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J-Jour: 6 juin 1944

Photo Credit: Jennifer Boyer-Switala (2009) - Omaha Beach, Normandy, France

It is not by chance that I chose to wait until today to make my  first summer 2012 blog post. It was sixty-eight years ago today that my grandfather, PFC Charles "Butch" Boyer, along with hundreds of thousands of brave Allied soldiers stormed the beaches and skies of Normandy in the Allied invasion known the world over as D-Day. Operation Overlord was a combined air and amphibious landing under the supreme command of US General Dwight D. Eisenhower.

Calais
Machiavelli once said, "Although the use of fraud in any action is detestable...in the combat of war it is praiseworthy and glorious. And a man who uses fraud to overcome his enemy is praised, just as much as he who overcomes his enemy by force." Especially if you're on the winning side, I suppose! I use this quote  with my students when I introduce the Deception at Calais. 

The reality is that Hitler was smart and his armed forces were strong. The Allies needed to gain an advantage, but we had to do it with our wit first - then our muscle. All it took was a corpse, a briefcase full of false plans, and a fleet of inflatable tanks...

When the Nazis stumbled upon the washed up corpse of a "General" with an attached briefcase full of plans for an Allied invasion of Calais - the closest point between England and France (made sense). But because Hitler was suspicious, he called for reconnaissance. He knew if this was the real deal, the Allies would be amassing their forces. 

As German planes flew over the white cliffs of Dover, they got their confirmation. From the skies, the battalion of tanks looked like the real deal, and with that Hitler was convinced and planned accordingly. By diverting the Wehrmacht and Luftwaffe to Calais,  the Allies were able ensure their victory in both the battle of D-Day, and the war. Of course, this victory came a great cost.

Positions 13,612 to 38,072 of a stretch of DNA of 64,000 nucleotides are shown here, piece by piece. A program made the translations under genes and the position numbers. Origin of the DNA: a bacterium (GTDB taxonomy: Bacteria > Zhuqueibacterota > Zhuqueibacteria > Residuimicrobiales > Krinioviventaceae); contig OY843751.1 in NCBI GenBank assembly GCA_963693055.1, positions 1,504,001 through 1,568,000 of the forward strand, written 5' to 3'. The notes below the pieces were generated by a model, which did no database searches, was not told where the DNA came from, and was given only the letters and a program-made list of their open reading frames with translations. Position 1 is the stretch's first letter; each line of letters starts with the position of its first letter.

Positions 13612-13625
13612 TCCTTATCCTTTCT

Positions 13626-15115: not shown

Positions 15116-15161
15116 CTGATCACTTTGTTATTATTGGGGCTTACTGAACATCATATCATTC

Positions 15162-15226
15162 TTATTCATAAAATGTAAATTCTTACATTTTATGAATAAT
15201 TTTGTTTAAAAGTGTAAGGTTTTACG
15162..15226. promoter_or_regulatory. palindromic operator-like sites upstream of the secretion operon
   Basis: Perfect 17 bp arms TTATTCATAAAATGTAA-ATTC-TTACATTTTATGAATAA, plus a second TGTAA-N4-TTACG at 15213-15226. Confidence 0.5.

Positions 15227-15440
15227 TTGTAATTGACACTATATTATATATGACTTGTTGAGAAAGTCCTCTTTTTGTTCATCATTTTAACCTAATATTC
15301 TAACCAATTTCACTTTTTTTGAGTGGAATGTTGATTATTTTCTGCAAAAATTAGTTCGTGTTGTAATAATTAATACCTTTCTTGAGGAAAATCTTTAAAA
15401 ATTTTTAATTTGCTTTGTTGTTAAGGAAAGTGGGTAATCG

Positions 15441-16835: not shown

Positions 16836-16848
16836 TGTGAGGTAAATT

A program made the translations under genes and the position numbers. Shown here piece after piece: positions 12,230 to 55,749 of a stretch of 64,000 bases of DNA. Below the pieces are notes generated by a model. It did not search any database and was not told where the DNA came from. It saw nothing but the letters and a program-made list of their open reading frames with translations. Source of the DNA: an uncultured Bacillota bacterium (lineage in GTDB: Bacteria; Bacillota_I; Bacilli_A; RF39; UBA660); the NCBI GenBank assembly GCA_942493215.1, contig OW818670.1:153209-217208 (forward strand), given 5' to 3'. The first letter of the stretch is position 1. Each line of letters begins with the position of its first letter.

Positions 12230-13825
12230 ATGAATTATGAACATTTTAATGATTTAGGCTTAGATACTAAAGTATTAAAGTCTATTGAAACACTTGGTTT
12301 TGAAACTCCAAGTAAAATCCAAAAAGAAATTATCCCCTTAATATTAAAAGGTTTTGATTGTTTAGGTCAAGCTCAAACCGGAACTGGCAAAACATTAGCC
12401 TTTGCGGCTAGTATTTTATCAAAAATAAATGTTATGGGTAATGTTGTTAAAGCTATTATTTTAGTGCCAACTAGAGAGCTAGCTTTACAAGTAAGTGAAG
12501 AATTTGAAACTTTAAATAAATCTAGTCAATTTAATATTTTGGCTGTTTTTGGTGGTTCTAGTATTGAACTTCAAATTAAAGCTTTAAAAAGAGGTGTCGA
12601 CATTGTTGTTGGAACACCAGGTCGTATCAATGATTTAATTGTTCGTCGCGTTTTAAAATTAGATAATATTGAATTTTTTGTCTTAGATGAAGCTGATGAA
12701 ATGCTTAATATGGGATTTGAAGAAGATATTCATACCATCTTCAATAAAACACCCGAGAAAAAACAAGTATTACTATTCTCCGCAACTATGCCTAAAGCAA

Photo Credit: generalpatton.org - Inflatable Tanks Used in the Calais Deception
Normandy Today
Visiting Normandy has been one of the highlights of my life. Next to every French flag flew at least an American flag, if not British and Canadian. 

Below is a photo of German bunkers from the beach. This is just a tiny sample of what our troops faced as they made the amphibious attack.
Photo Credit: Jennifer Boyer-Switala (2009)
The next two shots are from German artillery bunkers about 7 miles inland. These are some of the bunkers that the nighttime paratrooper invasion attempted to disable in preparation for the amphibious attacks. Their guns had a 10 mile range, so it could shoot and still hit a target 3 miles out at sea.
Photo Credit: Jennifer Boyer-Switala (2009)

Photo Credit: Jennifer Boyer-Switala (2009)
 The American Cemetery is touching to say the very least. It is difficult to not feel emotionally overwhelmed looking at row upon row of white crosses and stars of David.

Photo Credit: Jennifer Boyer-Switala (2009)
In the center of the memorial is a reflecting pond and a statue named, "Mine Eyes Have Seen the Glory."
Photo Credit: Jennifer Boyer-Switala (2009)
 In the colonnade that surrounds the statue is inscribed: 
THIS EMBATTLED SHORE, PORTAL OF FREEDOM,
IS FOREVER HALLOWED BY THE IDEALS,
THE VALOR AND THE SACRIFICES
OF OUR FELLOW COUNTRYMEN
Photo Credit: Jennifer Boyer-Switala (2009)
Perhaps the most emotional part of the visit for my husband and his family was to pay our respects to his great-uncle, Edward Switala, who died as a result of wounds he sustained on D-Day. Edward was 19 and had only been married six months when he gave the ultimate sacrifice - his life.
Photo Credit: Jennifer Boyer-Switala (2009)

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Comments

I take my 8th graders here every year. I am always touched as I stroll through the cemetery. As we explore the area, I imagine who walked the paths before me and I cannot even begin to imagine what they must have been feeling. Thank you for sharing your story.
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